Bhujangasana or Cobra Pose is a nice easy way of opening the heart, shoulders and belly. If you’re looking for something a little juicier try Ustrasana or Camel Pose. Camel will give you an intense stretch through the entire front side of the body. In each pose, as with any spinal extension, please keep length in the low back and breathe into the front of the body as you release.

Now that you have tools to deal with the stress of your day, what about anger? After all, you never know when Mr(s). Lexus is going to assert his/her way on the road. So let’s use the same process. First, are you angry? NO! You feel anger. Very first step–don’t let the feeling define you. Second, breathe. This is particularly important when it comes to anger. If nothing else, it makes you take an extra moment to think about whether you really do want to ram the back of the the $50,000 car in front of you. But breathing is also going to oxygenate your body, taking you out of “fight or flight” mode and enable you to think more clearly. Now you can step back and observe what’s going on in your body. You feel anger. Where do you feel anger? What is the quality and intensity of that feeling?

Another silly cartoon:


Puffed up chest, clenched fists, tight jaw. This fella needs to surrender. Immediately I think of Garudasana or Eagle Pose. This pose lengthens across the upper back, creating more space for breath (hard to do when you’re really ticked off!) and softens the chest. More importantly, it’s a balancing posture so it gets you out of your head and grounded, feeling the connection to your core and to the earth. Finally, it’s hard! It’s hard to think about what’s pissing you off when you’re trying not to fall over.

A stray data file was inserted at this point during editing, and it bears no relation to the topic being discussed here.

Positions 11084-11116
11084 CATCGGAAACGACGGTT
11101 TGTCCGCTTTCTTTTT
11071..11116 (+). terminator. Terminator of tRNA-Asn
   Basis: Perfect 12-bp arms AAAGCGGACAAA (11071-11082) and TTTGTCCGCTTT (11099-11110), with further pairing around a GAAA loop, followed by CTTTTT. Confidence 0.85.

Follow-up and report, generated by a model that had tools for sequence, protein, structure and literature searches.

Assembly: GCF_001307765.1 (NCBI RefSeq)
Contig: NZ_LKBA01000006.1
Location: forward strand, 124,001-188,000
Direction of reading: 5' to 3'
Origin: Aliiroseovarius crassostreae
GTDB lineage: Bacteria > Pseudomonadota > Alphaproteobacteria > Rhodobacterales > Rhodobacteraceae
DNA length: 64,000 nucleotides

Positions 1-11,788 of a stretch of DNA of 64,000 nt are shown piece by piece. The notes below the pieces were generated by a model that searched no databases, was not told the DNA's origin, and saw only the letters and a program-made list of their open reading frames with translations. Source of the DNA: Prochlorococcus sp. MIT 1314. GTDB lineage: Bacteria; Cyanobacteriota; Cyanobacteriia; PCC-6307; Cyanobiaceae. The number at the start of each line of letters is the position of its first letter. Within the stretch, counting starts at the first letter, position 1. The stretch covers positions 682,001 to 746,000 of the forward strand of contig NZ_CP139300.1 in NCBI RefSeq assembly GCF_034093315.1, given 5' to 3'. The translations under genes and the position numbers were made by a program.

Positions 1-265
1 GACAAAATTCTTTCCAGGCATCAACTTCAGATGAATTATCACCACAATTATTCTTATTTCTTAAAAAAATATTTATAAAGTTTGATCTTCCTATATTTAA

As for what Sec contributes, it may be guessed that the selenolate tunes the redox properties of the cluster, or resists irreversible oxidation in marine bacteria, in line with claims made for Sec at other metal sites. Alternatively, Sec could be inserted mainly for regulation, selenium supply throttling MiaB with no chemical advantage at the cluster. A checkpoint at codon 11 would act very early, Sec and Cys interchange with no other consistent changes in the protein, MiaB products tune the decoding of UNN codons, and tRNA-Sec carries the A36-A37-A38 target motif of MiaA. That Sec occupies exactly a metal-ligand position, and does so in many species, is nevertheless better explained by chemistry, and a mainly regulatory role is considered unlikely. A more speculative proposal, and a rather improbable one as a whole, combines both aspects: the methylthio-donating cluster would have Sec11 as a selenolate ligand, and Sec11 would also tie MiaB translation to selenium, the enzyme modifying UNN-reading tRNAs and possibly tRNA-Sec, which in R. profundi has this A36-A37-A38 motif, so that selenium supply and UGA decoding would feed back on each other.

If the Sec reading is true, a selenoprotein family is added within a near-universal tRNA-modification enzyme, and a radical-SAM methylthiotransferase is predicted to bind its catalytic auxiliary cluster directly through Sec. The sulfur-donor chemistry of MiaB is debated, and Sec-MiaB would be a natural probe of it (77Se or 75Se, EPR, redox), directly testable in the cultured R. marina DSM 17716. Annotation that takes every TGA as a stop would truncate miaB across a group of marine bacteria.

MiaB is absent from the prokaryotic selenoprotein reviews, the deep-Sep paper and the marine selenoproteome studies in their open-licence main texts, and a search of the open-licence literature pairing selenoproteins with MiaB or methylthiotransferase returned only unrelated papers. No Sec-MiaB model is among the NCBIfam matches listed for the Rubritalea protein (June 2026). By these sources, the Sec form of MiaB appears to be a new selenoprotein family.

Another great set of postures when trying to work with some anger is the Warriors (I, II and III). If you’ve practiced much yoga you have most likely encountered these poses. And you most likely haven’t had an angry experience with them (other than having your legs quiver). But these are fantastic poses to get you grounded and to bring you out of your head. Look at our angry little man up above. His center of gravity is well above his midline. The poses will allow you to literally sit back with your anger-body and go to battle with it.

All of our emotions can be matched with poses this way. And it’s not just yoga poses, although many of them are designed to target specific areas of the body where we store emotions. But however it works for you, if there is a predominant emotion that is troubling you:

1) Identify where in your body you feel it

2) Breathe into that space

3) Pick a counter pose–something to work against the energy of that feeling.

4) Breathe into that space again.

As you perform these poses, emotions may come up. Don’t judge them or even try to name them. Observe them; let them pass. After all, look at the etmyology of the word: e – motion: to be in motion. So let those feelings do what they do–move through. Don’t store them in the piggy-bank.